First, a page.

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John Silvester Hutcheon (1882–1957)

by P. J. Mullins

This article was published:

John Silvester Hutcheon (1882-1957), cricketer and barrister, was born on 5 April 1882 at Warwick, Queensland, eldest of four children of John McIntosh Hutcheon, a schoolteacher from Scotland, and his Sydney-born wife Elizabeth Sarah, née Silvester. Jack was educated at the local state school and at Toowoomba Grammar School where, in his final year, he made over 1000 runs (average 42) at cricket. On 27 November 1900 he was employed by the Department of Agriculture. He played first-grade matches for the Brisbane, North Brisbane and Toowong clubs, and was selected for the State in 1905. During the 1907-08 season he represented Queensland against an English touring team. At St Mary's Anglican Church, Kangaroo Point, on 17 December 1907 he married Mabel Mary Wilkinson.

A free and vigorous batsman, Hutcheon obtained most of his runs in front of the wicket and, once thoroughly set, scored at a rare pace. He was also a brilliant fieldsman. In 1908-09—his best season—he amassed 1539 runs (average 67) in club and intra-State games, notching six centuries and the highest score made by a Queenslander (259 not out, for Brisbane against Richmond River): he hit 26 off one over, scoring so fast that Brisbane's last 328 runs came up in 126 minutes. In 1910-11 he captained Queensland and played against a South African side that included G. A. Faulkner and C. B. Llewellyn. He turned out for the Rest of Australia against New South Wales in C. T. B. Turner's testimonial match (1910) and top scored in the first innings with 36 on a bad wicket. Unable to obtain leave of absence, he declined an invitation to join the Australian team chosen to tour New Zealand.

From 1911 Hutcheon was a clerk in the Queensland Agent-General's Office, London; on 26 January 1914 he was called to the Bar at Lincoln's Inn. He returned to Brisbane, entered the Crown Solicitor's Office on 26 November and was admitted to the Queensland Bar on 14 March 1916. Next year he was appointed assistant crown solicitor, but resigned in 1922 to take up private practice. Much of his work was for the Queensland Canegrowers' Council, for which he appeared frequently before the Central Sugar-cane Prices Board. He was appointed K.C. on 27 July 1944 and was president of the Queensland Bar Association in 1952-57.

Best remembered for his hard work as a cricket administrator, Hutcheon represented Queensland on the Australian Board of Control for International Cricket from 1919 to 1957. A 'snobbish, dictatorial wowser . . . [he] helped give it the reputation for riding roughshod over the wishes of cricketers'. He was also a life member (1923) and president (1926-57) of the Queensland Cricket Association, and chairman (1920-57) of its executive. Queensland was admitted to the Sheffield Shield Competition in 1926, and Hutcheon and Roger Hartigan were credited with securing Brisbane its first Test in 1928. According to Hartigan, 'Hutcheon kept Queensland very much in the limelight'. In 1928-29 Hutcheon was an Australian selector and in 1933 helped the governor Sir Leslie Wilson to form the local Wanderers' Cricket Club, a social club which regularly toured Queensland country areas and interstate.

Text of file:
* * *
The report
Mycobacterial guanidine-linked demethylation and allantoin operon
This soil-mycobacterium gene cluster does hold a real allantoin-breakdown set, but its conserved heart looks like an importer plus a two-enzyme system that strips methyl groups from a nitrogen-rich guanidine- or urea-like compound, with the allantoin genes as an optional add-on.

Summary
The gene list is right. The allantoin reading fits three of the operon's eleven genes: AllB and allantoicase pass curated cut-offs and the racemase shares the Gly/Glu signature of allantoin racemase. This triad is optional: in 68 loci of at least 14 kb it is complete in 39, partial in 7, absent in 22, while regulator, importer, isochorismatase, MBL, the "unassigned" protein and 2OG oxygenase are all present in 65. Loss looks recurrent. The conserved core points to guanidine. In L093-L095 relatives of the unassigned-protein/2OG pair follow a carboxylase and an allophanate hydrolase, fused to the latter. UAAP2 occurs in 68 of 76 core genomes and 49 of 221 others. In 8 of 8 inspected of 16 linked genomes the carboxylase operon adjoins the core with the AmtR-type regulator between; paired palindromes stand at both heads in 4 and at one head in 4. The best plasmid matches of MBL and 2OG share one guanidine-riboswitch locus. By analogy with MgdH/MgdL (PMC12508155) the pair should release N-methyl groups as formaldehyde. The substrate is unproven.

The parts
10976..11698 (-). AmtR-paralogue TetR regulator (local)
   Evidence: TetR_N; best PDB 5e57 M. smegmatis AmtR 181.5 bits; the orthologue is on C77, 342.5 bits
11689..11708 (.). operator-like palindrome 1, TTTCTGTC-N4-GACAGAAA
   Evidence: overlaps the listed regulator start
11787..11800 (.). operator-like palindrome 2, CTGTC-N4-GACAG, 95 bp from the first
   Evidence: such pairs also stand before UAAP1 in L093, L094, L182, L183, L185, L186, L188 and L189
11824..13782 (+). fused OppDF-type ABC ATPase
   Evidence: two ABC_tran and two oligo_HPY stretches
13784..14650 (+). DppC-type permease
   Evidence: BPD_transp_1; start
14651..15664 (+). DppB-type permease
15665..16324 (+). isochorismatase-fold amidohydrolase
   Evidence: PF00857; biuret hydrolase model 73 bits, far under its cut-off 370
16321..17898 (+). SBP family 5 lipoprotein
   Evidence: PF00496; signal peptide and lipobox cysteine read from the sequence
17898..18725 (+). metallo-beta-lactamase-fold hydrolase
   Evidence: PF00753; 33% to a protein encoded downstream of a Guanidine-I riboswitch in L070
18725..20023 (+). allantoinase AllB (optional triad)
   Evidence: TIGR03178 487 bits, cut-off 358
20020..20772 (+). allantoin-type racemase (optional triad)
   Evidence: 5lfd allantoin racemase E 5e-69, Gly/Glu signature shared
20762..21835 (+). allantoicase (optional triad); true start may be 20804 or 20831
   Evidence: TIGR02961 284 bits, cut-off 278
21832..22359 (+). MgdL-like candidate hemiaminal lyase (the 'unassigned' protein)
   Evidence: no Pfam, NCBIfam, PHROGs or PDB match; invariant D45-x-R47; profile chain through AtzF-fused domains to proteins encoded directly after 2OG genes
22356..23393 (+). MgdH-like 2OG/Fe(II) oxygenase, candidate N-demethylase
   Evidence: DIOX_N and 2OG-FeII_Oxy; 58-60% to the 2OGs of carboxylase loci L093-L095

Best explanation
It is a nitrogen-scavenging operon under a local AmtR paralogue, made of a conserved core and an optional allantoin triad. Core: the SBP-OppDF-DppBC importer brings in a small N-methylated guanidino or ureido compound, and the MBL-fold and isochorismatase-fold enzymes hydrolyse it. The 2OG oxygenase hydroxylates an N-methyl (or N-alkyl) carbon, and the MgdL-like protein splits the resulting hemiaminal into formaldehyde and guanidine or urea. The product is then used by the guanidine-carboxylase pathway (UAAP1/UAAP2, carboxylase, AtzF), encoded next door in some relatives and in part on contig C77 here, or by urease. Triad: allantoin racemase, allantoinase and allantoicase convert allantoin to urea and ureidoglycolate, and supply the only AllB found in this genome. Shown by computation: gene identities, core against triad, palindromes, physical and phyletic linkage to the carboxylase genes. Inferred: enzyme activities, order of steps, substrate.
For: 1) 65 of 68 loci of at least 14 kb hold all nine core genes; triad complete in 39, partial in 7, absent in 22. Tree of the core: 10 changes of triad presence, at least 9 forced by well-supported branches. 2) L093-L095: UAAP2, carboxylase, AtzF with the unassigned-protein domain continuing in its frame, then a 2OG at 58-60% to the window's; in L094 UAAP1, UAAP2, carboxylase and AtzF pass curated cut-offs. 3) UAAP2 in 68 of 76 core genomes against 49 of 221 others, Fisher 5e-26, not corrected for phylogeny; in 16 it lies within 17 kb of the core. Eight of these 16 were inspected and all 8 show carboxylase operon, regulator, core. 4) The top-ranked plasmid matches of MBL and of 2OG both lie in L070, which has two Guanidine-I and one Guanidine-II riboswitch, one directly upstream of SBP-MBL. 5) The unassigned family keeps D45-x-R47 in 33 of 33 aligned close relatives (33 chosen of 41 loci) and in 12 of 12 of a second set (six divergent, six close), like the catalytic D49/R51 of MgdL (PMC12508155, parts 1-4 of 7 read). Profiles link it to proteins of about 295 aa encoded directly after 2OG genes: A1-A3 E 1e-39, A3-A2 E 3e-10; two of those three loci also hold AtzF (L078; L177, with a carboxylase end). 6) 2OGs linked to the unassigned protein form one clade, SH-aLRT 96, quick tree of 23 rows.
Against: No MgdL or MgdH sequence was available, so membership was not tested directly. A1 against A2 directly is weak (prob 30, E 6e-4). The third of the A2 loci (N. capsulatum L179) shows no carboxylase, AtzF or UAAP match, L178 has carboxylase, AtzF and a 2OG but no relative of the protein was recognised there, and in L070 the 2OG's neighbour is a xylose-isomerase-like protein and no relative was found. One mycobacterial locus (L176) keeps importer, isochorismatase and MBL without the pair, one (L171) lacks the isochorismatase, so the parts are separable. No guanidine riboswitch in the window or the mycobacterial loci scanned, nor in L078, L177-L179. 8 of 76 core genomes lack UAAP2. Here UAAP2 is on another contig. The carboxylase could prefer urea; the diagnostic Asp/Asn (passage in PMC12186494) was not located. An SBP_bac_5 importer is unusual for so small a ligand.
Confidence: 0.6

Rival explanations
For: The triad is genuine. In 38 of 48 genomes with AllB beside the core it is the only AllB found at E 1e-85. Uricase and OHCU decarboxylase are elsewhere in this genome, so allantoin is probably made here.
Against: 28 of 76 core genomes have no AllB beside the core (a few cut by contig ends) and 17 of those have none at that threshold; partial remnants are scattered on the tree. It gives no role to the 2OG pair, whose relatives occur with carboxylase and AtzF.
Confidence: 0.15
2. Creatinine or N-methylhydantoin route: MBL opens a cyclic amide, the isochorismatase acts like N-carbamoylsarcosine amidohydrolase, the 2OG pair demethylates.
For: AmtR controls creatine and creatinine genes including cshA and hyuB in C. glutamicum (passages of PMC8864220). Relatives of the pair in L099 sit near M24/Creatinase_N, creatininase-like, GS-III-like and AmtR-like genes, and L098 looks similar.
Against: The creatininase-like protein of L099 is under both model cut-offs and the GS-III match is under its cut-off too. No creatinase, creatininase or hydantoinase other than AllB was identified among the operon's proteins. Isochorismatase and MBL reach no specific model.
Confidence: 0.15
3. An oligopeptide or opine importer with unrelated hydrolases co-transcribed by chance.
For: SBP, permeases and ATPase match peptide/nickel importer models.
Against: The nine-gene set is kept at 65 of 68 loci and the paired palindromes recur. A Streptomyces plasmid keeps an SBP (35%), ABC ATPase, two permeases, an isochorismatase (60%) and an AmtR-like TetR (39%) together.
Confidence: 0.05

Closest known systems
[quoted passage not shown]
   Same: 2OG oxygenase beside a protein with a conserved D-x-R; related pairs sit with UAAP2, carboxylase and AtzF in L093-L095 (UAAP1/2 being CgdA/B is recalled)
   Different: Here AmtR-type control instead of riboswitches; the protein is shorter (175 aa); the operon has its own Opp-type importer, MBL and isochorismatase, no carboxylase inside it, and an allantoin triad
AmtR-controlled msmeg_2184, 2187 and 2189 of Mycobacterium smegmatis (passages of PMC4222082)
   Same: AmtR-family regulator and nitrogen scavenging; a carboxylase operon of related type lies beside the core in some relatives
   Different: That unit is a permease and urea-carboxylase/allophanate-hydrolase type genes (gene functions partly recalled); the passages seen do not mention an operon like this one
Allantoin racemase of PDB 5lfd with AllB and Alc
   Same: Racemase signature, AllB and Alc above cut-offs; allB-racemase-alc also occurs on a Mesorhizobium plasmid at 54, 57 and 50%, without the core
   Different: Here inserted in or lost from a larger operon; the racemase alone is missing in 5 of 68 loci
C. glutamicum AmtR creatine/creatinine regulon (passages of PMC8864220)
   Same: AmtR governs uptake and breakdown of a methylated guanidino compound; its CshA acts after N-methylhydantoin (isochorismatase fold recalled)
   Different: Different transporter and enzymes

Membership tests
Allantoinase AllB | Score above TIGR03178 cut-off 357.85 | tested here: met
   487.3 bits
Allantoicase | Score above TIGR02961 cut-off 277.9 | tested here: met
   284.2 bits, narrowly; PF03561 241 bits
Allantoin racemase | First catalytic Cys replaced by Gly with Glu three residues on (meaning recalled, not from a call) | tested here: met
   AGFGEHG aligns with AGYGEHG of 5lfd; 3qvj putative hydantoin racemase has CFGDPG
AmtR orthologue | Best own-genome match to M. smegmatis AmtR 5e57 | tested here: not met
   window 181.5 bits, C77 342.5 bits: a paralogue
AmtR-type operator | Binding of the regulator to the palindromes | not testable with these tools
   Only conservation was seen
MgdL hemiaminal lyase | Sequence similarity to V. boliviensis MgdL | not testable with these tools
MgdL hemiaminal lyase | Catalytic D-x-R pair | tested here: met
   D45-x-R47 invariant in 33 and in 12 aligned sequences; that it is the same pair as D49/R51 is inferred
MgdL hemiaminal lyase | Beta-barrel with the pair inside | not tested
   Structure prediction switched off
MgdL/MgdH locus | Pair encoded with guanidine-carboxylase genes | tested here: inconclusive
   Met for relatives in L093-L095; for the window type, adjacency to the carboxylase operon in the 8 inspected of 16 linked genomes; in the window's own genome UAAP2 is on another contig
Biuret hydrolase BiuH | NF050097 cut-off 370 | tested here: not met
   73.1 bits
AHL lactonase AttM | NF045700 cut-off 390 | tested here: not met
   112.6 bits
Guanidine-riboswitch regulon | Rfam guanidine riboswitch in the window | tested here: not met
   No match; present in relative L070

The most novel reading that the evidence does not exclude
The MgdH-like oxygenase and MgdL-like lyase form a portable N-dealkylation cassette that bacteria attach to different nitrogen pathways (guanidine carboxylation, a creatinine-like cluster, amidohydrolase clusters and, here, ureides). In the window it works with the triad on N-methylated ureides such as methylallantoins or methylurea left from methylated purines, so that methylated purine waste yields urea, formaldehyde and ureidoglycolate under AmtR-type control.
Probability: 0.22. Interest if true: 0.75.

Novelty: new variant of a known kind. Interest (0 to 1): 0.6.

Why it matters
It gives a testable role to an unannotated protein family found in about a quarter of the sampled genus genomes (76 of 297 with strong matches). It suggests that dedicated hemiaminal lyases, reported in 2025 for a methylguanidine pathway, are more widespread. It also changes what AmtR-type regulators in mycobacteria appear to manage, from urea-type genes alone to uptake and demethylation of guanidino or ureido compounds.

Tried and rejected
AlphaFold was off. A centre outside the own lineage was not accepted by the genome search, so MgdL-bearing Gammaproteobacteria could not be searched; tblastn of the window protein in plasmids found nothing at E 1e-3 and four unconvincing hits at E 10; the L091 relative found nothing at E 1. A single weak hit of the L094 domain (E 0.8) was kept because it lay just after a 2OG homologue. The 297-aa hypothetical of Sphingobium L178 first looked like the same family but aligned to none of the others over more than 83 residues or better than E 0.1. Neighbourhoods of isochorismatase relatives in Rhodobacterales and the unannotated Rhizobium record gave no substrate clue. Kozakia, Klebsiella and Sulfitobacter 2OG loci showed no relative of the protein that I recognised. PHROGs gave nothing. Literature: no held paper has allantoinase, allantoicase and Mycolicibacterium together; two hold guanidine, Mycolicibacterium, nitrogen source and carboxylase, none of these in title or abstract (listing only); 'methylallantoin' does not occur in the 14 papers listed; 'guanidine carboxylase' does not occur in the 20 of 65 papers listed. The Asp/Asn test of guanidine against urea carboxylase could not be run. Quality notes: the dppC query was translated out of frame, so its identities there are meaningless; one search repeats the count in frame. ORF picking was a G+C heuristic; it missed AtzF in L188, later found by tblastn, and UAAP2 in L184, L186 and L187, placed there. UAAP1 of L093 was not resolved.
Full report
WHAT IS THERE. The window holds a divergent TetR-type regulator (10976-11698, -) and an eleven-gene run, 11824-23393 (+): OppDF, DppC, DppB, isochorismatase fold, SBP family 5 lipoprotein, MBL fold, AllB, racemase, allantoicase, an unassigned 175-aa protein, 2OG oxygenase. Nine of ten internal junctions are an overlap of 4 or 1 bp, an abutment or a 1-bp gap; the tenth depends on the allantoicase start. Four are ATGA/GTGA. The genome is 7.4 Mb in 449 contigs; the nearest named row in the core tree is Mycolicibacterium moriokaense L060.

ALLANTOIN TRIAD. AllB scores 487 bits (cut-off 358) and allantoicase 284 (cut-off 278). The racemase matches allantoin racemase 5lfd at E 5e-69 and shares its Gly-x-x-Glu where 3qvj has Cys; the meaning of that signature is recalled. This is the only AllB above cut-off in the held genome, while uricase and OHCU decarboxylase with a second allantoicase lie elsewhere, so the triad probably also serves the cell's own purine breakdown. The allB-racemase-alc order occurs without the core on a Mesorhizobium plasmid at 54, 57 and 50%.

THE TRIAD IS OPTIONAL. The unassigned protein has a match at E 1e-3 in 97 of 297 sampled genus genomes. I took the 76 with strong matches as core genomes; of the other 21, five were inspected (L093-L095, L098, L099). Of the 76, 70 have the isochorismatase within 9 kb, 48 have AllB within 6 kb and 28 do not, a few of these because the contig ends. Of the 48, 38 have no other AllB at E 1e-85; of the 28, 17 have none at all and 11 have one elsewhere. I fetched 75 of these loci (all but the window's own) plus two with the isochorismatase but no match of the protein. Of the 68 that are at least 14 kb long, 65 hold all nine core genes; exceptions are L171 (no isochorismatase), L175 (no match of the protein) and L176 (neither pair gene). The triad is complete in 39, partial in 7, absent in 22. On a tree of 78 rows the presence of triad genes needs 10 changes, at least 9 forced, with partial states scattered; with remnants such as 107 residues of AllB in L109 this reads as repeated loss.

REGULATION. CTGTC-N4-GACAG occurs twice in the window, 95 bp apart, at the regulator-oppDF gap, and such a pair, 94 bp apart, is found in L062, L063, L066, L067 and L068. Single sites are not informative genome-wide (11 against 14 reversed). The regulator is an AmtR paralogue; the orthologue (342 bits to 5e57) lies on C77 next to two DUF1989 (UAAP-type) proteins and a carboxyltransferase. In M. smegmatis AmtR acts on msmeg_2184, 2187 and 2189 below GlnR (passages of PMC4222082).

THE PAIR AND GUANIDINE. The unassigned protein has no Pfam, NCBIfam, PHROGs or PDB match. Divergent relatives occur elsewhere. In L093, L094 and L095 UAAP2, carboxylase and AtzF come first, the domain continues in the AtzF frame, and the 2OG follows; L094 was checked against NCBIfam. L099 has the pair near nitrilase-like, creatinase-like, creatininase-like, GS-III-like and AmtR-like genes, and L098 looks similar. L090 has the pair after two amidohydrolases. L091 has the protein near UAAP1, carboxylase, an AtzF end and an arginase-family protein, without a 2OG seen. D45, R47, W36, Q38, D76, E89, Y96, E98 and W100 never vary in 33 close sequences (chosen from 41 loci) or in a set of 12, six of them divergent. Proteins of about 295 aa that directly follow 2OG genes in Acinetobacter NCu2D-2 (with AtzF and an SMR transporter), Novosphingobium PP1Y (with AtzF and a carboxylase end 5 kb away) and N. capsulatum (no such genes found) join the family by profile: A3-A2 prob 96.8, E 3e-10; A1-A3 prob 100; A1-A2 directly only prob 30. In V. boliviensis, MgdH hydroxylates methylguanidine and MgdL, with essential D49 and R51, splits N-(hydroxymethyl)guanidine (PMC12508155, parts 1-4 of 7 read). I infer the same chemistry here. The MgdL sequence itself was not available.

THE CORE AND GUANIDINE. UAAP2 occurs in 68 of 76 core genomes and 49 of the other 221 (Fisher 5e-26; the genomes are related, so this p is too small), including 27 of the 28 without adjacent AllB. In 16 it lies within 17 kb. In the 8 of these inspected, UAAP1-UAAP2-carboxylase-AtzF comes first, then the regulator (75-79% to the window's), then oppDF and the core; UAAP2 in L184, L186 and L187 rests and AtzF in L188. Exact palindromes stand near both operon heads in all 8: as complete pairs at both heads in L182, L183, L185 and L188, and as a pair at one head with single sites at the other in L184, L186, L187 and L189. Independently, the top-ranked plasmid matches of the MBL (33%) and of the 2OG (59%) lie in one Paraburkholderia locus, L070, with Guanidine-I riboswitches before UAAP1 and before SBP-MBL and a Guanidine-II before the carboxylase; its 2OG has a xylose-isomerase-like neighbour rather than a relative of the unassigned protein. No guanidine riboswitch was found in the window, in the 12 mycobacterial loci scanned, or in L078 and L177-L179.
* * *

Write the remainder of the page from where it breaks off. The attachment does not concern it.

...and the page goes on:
Hutcheon had also excelled in tennis, rowing and table tennis, but in later years was always more keen to talk about his exploits in lacrosse. In 1907 at the Melbourne Cricket Ground he played for a victorious national side against a touring Canadian team and he later competed in interstate carnivals; he was president of the Queensland Lacrosse Association (1925-49) and of the Australian Lacrosse Council (1939-46). In 1956 he was appointed C.B.E. Survived by his wife and one of his two sons, Hutcheon died on 19 June 1957 in his home at Albion Heights and was cremated. His brother Ernest also played cricket for the State and wrote A History of Queensland Cricket (1946).

Select Bibliography

  • J. Pollard, Australian Cricket (Syd, 1982)
  • B. Green (compiler), The Wisden Book of Obituaries (Lond, 1986)
  • Cricket, A Weekly Record of the Game, 7 Oct 1911
  • Producers' Review, July 1957
  • Wisden Cricketers' Almanack, 1958
  • Brisbane Standard, 21 Sept 1929
  • Courier-Mail (Brisbane), 31 May 1956.

Citation details

P. J. Mullins, 'Hutcheon, John Silvester (1882–1957)', Australian Dictionary of Biography, National Centre of Biography, Australian National University,, published first in hardcopy 1996, accessed online 3 March 2024.

This article was published in hardcopy in Australian Dictionary of Biography, Volume 14, (Melbourne University Press), 1996

View the front pages for Volume 14

© Copyright Australian Dictionary of Biography, 2006-2024

Life Summary [details]


5 April, 1882
Warwick, Queensland, Australia


19 June, 1957 (aged 75)
Albion, Brisbane, Queensland, Australia

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